• establish rapport with stakeholders, clients and colleagues.

  • prompt attention to and completion of all responsibilities attendant to the occupation

  • ability to nurture mature, sensitive, and effective relationships

  • development of conflict resolution skills / ability to negotiate conflicting attitudes and opinions

  • compassion, integrity, interpersonal skills, interest, and motivation​

  • work cooperatively and with honesty and integrity with peers, faculty, and colleagues​

  • integrate constructive criticism received in University, on-campus learning settings and off-campus learning settings

  • correctly judge the limits of one's own competence and seek help from an appropriate source

  • seek and effectively use help for medical and emotional problems that interfere with scholastic and/or professional performance

  • show respect for all UNC - Chapel Hill personnel, as well as peers, clients, stakeholders and community members

  • be free of the influence of illegal drugs and alcoholic beverages in classes and and when engaged in any professional work / encounters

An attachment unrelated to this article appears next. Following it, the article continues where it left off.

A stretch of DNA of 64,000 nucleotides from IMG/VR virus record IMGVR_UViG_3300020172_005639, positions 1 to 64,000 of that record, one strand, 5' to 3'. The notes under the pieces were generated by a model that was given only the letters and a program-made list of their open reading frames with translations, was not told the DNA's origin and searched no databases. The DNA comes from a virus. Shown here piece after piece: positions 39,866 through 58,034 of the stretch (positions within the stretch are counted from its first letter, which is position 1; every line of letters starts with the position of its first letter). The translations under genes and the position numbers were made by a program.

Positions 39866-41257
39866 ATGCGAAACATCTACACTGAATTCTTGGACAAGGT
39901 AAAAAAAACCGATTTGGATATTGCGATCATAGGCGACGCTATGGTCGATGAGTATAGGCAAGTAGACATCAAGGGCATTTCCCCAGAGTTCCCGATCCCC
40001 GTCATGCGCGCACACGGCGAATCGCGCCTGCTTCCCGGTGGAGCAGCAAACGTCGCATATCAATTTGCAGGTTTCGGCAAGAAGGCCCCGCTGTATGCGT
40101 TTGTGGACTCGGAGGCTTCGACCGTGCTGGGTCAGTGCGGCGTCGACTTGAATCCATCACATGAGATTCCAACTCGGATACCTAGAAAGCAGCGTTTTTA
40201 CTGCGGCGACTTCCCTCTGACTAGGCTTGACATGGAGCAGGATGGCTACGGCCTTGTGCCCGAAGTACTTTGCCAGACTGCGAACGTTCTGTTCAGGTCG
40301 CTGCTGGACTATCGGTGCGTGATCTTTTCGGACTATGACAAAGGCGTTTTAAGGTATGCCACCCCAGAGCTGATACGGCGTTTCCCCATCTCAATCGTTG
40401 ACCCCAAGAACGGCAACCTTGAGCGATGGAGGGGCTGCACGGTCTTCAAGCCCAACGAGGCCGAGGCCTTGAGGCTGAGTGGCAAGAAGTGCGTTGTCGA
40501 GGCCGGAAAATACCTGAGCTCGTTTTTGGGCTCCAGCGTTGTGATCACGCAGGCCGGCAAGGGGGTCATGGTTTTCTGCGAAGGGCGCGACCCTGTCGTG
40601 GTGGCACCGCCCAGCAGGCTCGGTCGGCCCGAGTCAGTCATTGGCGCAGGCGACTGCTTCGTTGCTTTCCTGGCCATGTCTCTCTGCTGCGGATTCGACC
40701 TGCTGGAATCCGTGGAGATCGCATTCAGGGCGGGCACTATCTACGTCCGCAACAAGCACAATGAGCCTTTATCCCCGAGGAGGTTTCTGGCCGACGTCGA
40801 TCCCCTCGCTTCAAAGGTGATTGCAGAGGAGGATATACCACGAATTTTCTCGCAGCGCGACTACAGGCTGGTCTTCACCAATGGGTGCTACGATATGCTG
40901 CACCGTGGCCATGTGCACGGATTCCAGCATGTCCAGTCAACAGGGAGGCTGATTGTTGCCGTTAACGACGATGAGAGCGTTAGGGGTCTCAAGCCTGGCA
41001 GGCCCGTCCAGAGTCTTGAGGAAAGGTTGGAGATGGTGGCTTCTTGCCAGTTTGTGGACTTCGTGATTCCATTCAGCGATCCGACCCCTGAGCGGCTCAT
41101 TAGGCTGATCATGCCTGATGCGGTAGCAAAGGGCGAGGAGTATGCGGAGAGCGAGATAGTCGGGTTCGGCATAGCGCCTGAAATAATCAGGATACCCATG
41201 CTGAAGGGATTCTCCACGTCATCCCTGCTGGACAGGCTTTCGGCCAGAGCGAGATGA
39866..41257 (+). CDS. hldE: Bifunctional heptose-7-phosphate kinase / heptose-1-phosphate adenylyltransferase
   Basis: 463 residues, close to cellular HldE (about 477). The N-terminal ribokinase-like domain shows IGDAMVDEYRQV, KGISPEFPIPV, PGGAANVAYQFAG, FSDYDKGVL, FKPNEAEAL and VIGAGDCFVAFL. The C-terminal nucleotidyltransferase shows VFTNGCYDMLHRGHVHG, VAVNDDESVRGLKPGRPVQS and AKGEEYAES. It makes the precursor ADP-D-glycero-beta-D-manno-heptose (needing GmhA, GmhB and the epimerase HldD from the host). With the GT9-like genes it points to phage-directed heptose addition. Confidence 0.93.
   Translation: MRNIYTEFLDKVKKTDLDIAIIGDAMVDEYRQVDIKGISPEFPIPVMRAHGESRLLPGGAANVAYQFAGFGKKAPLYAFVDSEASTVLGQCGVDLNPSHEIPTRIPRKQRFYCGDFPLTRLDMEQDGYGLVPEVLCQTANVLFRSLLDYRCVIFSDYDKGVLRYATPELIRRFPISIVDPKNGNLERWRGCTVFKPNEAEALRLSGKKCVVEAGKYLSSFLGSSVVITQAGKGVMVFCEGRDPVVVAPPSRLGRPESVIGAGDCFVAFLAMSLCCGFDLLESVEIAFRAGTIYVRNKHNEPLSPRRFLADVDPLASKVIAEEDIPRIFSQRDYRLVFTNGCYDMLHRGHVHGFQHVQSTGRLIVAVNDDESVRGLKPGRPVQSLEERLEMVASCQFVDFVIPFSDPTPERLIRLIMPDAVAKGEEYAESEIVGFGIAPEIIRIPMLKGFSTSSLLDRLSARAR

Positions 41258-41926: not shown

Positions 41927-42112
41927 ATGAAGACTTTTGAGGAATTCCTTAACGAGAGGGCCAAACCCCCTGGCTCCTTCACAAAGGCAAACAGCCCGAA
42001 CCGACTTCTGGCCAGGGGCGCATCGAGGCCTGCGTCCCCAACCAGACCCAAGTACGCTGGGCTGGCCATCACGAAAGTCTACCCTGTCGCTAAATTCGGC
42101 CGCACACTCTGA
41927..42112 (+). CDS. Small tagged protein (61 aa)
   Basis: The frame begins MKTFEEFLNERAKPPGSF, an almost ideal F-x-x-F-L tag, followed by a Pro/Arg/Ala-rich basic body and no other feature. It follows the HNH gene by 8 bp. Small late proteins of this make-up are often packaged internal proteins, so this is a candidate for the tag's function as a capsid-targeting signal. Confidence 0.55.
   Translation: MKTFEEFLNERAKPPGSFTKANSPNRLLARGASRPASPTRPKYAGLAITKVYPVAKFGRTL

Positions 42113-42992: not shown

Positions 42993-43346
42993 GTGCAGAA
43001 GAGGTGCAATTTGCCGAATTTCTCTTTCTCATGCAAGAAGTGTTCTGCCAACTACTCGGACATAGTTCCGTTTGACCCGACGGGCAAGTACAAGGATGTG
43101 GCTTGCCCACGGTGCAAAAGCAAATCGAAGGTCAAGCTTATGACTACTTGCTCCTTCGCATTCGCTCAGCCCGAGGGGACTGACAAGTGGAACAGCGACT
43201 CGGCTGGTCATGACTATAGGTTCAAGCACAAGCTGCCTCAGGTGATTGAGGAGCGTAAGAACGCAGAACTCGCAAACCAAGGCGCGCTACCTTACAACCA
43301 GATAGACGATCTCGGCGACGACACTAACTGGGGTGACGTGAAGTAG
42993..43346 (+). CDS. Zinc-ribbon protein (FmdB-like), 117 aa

• deal with life stressors through the use of appropriate coping mechanisms, handle stress effectively by using appropriate self-care and by developing supportive relationships with colleagues, peers, and others.

  • seek and effectively use help for medical and emotional problems that interfere with scholastic and/or professional performance.

  • demonstrate appropriate personal hygiene habits

  • dress appropriately and in a manner befitting the profession

  • possess maturity,self-discipline and sound judgment

Flexibility / Adaptability

Requirements may include:

  • ability to adapt to changing situations in the short / immediate, medium and long term

  • flexibility and the ability to function confidently and competently in the face of uncertainties

  • show flexibility and be open to new ideas, and be willing and able to modify beliefs and practices as they relate to the professional area

Professional Requirements

Requirements may include:

  • project an image of professionalism

  • arrive (and be on time) for professional commitments, including classes and field experiences

  • meet deadlines for course assignments and program requirements. A pattern of repeated absences, lateness, and failure to meet deadlines in courses or fieldwork is not acceptable

  • demonstrate good attendance, integrity, honesty, conscientiousness in classes and when engaged in any professional work / encounters

  • seek assistance and follow supervision in a timely manner, and accept and respond appropriately to constructive review of their work from supervisors​

  • reflect on professional practice and accept constructive feedback in a professional manner, demonstrate the ability to act upon reasonable criticism.

  • demonstrate attitudes of integrity, responsibility, and tolerance​